Continued studies on the genic stability of the progeny of maize
anther culture-derived microspore plants
--Ting, YC, Nguyen, DQ
In the last summer, about 200 kernels of a self-pollinated maize ear derived from anther culture of KH-13 were planted in the field. The objective of the experiment was further examining genic stability of this inbred. Before last summer, this line had persistently shown instability in its selfed progeny.
The kernels were randomly picked from a fully filled ear borne on a healthy and dark green plant. The kernels appeared normal. They germinated readily. However, when the plants were three weeks old, some of them began to show symptoms of slow growth. One week later, the slow growth plants started to express other abnormalities, such as yellow-green leaves, and lazy-growth habit by prostrating on the ground. In late July, the results of this experiment were under total evaluation. It was found that 70 plants had reached adult stage with flowering and seed-setting, while 18 of them were defective in height and leaf-chlorophyll content. These defective plants also had yellow-green leaves. Their tassels were small and no anthesis was observed. Their stalks were barren. In addition, the lazy plants were also sterile.
The above abnormal plants were presumably mutations. Due to their sterility, there was no way to test this hypothesis. The ratio between normal plants and abnormal ones did not fit Mendelian expectation. It is assumed that the original parental plant had a silent Ac element which was activated by anther culture per se. IN consequence of this, this inbred became highly mutable.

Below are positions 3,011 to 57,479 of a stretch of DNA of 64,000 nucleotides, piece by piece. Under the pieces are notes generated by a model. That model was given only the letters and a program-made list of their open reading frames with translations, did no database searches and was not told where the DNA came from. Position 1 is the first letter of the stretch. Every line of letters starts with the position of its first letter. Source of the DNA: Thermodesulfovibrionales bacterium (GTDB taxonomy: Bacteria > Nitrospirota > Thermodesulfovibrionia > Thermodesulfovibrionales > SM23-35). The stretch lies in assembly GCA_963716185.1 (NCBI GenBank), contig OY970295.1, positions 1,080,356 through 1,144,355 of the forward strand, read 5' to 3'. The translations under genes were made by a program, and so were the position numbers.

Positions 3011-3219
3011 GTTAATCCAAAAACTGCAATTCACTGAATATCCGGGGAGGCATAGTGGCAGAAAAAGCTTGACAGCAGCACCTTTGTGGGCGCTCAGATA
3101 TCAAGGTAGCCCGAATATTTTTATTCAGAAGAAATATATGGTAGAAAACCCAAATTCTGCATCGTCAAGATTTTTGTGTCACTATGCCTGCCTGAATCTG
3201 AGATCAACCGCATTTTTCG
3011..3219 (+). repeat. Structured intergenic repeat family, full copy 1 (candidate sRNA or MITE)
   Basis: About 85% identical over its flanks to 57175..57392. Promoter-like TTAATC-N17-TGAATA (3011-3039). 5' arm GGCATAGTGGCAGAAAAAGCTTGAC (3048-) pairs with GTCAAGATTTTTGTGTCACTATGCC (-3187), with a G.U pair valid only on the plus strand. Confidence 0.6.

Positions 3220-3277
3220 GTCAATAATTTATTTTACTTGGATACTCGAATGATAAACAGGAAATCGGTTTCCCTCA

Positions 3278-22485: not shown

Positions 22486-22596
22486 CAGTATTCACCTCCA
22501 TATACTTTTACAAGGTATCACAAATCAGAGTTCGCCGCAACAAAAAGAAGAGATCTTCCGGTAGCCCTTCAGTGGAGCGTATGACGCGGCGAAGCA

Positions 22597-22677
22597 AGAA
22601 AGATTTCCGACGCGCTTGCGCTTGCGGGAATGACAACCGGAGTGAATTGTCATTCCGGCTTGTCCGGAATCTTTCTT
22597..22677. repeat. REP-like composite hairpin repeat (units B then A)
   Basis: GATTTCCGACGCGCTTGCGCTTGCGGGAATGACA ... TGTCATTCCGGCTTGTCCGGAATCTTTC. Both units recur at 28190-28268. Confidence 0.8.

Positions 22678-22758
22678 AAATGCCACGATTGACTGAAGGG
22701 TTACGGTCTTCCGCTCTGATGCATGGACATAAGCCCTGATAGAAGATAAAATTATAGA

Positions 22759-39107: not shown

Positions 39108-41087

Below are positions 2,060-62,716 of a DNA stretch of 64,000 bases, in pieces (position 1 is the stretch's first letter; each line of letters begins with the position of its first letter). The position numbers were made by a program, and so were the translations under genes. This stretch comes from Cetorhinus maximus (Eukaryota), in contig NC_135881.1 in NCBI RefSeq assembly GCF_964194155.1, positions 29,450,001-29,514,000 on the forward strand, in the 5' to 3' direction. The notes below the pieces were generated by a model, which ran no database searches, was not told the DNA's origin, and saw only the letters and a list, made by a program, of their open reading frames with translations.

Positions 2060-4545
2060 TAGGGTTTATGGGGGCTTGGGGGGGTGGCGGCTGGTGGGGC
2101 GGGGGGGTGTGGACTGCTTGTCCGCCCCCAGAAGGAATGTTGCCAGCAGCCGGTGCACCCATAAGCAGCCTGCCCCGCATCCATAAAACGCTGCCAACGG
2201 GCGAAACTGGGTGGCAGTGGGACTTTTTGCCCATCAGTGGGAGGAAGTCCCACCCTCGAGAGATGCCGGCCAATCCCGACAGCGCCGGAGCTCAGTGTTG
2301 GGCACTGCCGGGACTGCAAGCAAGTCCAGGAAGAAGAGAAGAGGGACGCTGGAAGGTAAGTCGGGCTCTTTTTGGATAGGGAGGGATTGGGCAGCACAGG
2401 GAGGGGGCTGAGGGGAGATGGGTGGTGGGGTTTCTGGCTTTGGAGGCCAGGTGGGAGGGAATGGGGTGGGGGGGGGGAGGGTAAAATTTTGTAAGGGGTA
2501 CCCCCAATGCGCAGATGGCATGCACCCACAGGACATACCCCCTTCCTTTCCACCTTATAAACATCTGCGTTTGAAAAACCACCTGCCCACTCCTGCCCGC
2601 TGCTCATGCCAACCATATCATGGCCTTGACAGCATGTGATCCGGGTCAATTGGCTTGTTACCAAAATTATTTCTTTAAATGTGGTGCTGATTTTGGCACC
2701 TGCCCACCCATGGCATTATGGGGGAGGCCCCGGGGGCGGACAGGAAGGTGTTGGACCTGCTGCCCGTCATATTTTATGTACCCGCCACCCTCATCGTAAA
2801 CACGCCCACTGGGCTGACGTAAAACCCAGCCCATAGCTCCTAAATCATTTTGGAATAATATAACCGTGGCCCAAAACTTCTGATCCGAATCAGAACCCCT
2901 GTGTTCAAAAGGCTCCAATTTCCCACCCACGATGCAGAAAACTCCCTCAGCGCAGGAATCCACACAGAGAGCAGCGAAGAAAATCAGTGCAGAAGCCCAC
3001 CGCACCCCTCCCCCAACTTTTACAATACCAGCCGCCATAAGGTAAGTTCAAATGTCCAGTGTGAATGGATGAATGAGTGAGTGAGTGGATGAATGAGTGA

In parallel with the above, another experiment was conducted on a second
inbred which was derived from maize Dan-Sun 91 by anther culture. This
inbred line was a product of continued selfings of the original doubled-haploid.
Over 120 kernels were employed and sown in the field. Seedlings and adult
plants of these plantings were vigorous in growth. Their leaf chlorophyll
appeared normal in content. Their stalks were strong and the stalk diameter
appeared, on average, greater than that of the parental plant. This structure
may account for their resistance of lodging which was discovered a few
years ago. There were, on an average, two ears borne on each of these plants.
The ears were small in size, but uniform in appearance. No abnormalities
of any kind were observed. In other words, this inbred line was genically
stable. Thus, it may allow for practical application, such as hybrid seed
production, without any needed testing.
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